Growing Out of Isolation and Shame

Growing Out of Isolation and Shame

Written By: Alan

There seems to be some misconceptions regarding the role of therapy in the healing process. My take is that a therapist merely facilitates one's own healing processes. We should not think of him as a doctor setting a broken bone (something you really shouldn't attempt on your own without serious training). Rather, a better analogy is to think of him more like a physical trainer (or in our case, an emotional trainer who can help facilitate our emotional growth).

As a facilitator of the process of emotional re-adaptation, the therapist has knowledge, experience and offers guidance, but the real work still needs to be done by us. I've seen too many people in the process trying to "subcontract" their personal problems to others, hoping that another person (or even G-d) may give them a magical cure.

The healing must come from within us. A statement I have repeated over and over again on the online group says it all: Just because one may spend untold hours and hundreds (or thousands) of dollars on therapy, healing retreats, etc., does not mean the problem of feeling unwanted same-sex attraction (SSA) will just go away. In the end, success will be achieved by the amount of sweat, blood and tears we are personally willing to put in. Therefore the question becomes what should we do to help ourselves heal?

Reading is always a great start -- I've stayed up a couple of nights reading everything I could find on the NARTH ( ) web sites. Exchanging ideas and experiences with list members has also been immensely valuable. Just knowing that I am not alone and that there are others facing the same issues is comforting. I've come a long way during my 10 months with the group, in terms of having a crisp, lucid and deep understanding of my condition -- What a difference compared to the vague hunches, shame, confusion and isolation I was living with for so many years.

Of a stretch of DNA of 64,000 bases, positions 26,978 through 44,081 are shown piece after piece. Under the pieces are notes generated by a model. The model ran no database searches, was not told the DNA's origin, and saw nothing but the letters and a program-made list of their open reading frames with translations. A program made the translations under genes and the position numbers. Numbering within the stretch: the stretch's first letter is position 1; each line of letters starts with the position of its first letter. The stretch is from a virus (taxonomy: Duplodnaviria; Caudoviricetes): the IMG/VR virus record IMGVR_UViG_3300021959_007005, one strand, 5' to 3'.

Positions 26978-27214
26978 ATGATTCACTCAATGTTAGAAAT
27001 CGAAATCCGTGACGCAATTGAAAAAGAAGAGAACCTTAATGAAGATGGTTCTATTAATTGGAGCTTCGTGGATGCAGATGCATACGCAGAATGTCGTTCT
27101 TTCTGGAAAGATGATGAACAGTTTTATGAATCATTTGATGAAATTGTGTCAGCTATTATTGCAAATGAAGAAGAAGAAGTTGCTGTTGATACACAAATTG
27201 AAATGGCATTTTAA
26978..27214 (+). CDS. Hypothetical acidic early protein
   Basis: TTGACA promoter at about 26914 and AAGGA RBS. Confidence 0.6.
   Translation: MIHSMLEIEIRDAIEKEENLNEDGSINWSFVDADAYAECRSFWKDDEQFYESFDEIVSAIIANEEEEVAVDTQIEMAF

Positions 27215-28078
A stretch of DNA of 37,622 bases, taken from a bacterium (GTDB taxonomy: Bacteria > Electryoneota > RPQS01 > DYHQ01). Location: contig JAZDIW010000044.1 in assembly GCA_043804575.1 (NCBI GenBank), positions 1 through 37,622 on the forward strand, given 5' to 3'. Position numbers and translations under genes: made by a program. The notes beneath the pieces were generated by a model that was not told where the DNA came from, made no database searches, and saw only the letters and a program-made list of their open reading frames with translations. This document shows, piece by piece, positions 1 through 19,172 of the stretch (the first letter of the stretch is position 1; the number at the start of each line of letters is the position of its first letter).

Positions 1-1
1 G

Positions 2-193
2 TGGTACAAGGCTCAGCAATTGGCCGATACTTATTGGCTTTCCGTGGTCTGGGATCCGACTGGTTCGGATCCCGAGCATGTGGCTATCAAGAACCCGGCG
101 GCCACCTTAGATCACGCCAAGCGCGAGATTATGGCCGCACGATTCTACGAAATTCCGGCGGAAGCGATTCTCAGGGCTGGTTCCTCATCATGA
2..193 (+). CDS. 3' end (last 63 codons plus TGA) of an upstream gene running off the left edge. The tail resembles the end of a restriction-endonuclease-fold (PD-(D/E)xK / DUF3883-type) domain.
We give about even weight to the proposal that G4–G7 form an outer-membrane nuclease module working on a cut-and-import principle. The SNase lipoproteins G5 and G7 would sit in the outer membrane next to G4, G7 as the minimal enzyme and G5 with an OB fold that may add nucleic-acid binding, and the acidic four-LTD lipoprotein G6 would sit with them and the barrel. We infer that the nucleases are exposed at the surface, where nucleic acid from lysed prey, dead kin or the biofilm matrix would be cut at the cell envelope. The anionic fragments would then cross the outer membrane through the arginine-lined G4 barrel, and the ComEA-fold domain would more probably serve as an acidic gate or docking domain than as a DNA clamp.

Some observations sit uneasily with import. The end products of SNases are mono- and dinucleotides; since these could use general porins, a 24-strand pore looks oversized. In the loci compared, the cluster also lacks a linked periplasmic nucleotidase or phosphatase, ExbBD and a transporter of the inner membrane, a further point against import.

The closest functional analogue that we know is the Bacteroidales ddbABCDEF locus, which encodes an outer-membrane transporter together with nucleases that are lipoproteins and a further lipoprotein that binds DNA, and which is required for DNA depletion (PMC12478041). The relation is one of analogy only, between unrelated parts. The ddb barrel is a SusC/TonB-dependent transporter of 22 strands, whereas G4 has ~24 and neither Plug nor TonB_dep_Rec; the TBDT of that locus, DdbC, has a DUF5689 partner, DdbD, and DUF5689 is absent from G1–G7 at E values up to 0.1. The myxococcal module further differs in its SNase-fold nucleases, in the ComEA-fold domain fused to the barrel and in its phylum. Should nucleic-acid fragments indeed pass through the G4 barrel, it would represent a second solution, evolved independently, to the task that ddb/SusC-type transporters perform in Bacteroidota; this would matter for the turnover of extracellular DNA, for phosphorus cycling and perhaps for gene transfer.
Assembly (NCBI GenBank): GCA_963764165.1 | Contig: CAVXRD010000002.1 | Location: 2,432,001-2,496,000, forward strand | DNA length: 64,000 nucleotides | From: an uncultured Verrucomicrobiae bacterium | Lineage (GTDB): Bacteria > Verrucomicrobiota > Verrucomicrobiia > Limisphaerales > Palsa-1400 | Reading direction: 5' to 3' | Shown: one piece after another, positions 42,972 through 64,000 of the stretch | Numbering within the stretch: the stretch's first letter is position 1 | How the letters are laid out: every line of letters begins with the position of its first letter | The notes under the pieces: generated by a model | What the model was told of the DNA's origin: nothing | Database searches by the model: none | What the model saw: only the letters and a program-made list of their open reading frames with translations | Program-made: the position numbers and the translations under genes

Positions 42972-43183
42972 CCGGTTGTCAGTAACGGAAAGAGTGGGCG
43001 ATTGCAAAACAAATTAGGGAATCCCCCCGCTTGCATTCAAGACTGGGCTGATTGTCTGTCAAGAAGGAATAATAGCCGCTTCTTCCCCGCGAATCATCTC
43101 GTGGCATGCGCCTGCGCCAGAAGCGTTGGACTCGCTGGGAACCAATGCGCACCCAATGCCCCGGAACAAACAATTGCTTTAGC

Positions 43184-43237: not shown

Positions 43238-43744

Based on my experience, I strongly encourage others to overcome whatever shyness and shame we may have had about the subject and to discuss specific issues on the group. By doing so, we learn more about ourselves and find others who respond as brothers by both accepting me and understanding my value as a person. What a rewarding and healing experience!

While there are many other things we can do to continue our growth into full masculine maturity, it is my belief that reading and gaining support from others is an important tangible start.